You may have heard there is plenty of money in the market for real estate acquisitions. Of course, like any other urban legend the facts are a difficult thing to come by as the lens becomes more focused.
Like politics real estate is local. So, local to New York City there is a significant amount of money and property assets moving around. The same is true for most job center cities. Yet as we begin to delineate at the transaction level the size and scope of deals that are trading reflect a reality that at the top and bottom of the food chain deals are moving much faster than those in the middle.
According to an article in NREI there were $4.1 Billion dollars in 1031 exchanges in 2007. In 2010 that number was $1 Billion dollars. While it has inched up since, it is nowhere near pre-recession peak volume.
The United States has an improving economy, a stable housing market (as compared to 2009-2011) yet small commercial multifamily transaction volume (those deals under $5M dollars) is abruptly lower than many expect given that stabilizing operations are the rule of the day. Why? It's almost a circular reference; 1031 tax exchanges drive a HUGE percentage of these transactions. Lower 1031 activity equals lower overall activity.
In the best of times 1031 exchanges in certain markets could account for as much as 30% of property trades. With tighter bank financing and lower capital gains rates 1031 money is less of a factor in overall property sales volume. But don't count it out. Every billion dollars that 1031's account for is a billion dollars in transactions that may not have occurred otherwise.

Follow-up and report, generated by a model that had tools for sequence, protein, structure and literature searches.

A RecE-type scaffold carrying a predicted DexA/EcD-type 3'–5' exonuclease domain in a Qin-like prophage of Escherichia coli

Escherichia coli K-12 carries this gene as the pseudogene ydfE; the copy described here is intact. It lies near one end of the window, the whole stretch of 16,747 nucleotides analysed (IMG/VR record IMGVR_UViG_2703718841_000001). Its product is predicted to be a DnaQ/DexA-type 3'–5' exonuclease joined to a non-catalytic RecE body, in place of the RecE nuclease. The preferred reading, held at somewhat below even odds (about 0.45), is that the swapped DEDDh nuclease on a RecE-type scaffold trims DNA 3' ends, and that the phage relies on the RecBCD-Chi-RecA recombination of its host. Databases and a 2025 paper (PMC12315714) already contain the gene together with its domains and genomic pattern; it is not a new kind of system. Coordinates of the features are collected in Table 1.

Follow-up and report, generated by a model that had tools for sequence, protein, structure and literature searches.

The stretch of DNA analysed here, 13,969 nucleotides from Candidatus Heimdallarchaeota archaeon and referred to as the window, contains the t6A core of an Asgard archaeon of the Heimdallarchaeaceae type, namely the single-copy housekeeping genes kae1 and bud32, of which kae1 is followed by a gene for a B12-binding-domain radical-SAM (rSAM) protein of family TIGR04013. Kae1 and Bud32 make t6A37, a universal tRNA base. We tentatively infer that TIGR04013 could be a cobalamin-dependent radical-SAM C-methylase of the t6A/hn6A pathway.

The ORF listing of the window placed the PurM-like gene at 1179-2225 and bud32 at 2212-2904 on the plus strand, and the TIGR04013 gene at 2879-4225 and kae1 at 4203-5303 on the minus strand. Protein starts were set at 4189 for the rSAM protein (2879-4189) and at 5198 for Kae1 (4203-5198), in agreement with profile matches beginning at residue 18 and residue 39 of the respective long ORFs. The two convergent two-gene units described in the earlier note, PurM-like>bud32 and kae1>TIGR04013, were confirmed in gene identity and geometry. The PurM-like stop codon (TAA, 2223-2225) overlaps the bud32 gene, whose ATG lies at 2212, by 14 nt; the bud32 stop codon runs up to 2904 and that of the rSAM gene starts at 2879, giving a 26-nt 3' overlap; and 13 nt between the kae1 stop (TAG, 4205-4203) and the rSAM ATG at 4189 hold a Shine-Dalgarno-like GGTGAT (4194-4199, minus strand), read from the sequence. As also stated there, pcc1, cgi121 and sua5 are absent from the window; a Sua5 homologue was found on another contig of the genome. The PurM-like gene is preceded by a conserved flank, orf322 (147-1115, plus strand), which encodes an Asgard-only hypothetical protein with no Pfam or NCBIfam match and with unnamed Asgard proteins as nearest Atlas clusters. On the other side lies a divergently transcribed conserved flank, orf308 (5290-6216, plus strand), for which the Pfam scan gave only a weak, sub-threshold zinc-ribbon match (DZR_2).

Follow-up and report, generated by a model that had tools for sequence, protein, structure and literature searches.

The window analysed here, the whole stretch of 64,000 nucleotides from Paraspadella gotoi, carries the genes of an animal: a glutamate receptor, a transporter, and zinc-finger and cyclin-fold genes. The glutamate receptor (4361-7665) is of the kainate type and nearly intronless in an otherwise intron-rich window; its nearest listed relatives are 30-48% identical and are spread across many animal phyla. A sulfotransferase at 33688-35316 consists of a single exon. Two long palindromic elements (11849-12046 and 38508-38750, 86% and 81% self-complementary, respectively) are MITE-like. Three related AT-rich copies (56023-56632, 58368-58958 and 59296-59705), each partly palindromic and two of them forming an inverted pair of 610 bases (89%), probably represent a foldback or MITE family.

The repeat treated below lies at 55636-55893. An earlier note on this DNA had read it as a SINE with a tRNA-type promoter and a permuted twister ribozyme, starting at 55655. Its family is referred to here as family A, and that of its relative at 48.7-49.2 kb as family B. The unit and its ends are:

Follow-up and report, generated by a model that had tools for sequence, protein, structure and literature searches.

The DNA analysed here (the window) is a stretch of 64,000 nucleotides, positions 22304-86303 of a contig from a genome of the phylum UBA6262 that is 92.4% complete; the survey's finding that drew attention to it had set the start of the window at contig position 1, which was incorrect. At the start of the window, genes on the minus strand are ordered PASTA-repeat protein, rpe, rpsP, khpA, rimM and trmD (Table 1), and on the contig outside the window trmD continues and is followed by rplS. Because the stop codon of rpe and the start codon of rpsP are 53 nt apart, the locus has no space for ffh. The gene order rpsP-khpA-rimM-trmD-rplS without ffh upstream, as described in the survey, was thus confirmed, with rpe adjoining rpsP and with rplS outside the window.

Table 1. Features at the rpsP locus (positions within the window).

Watch the 1031 volume in your local marketplace as a marker of sales activity. Regardless of which side of the trade you are on its good to know if this tool in your toolbox is readily in use.
Mr. Wilhoit is the author of two books: How To Read A Rent Roll: A Guide to Understanding Rental Income and Multifamily Insight Vol 1 - How to Acquire Wealth Through Buying the Right Multifamily Assets in the Right Markets.
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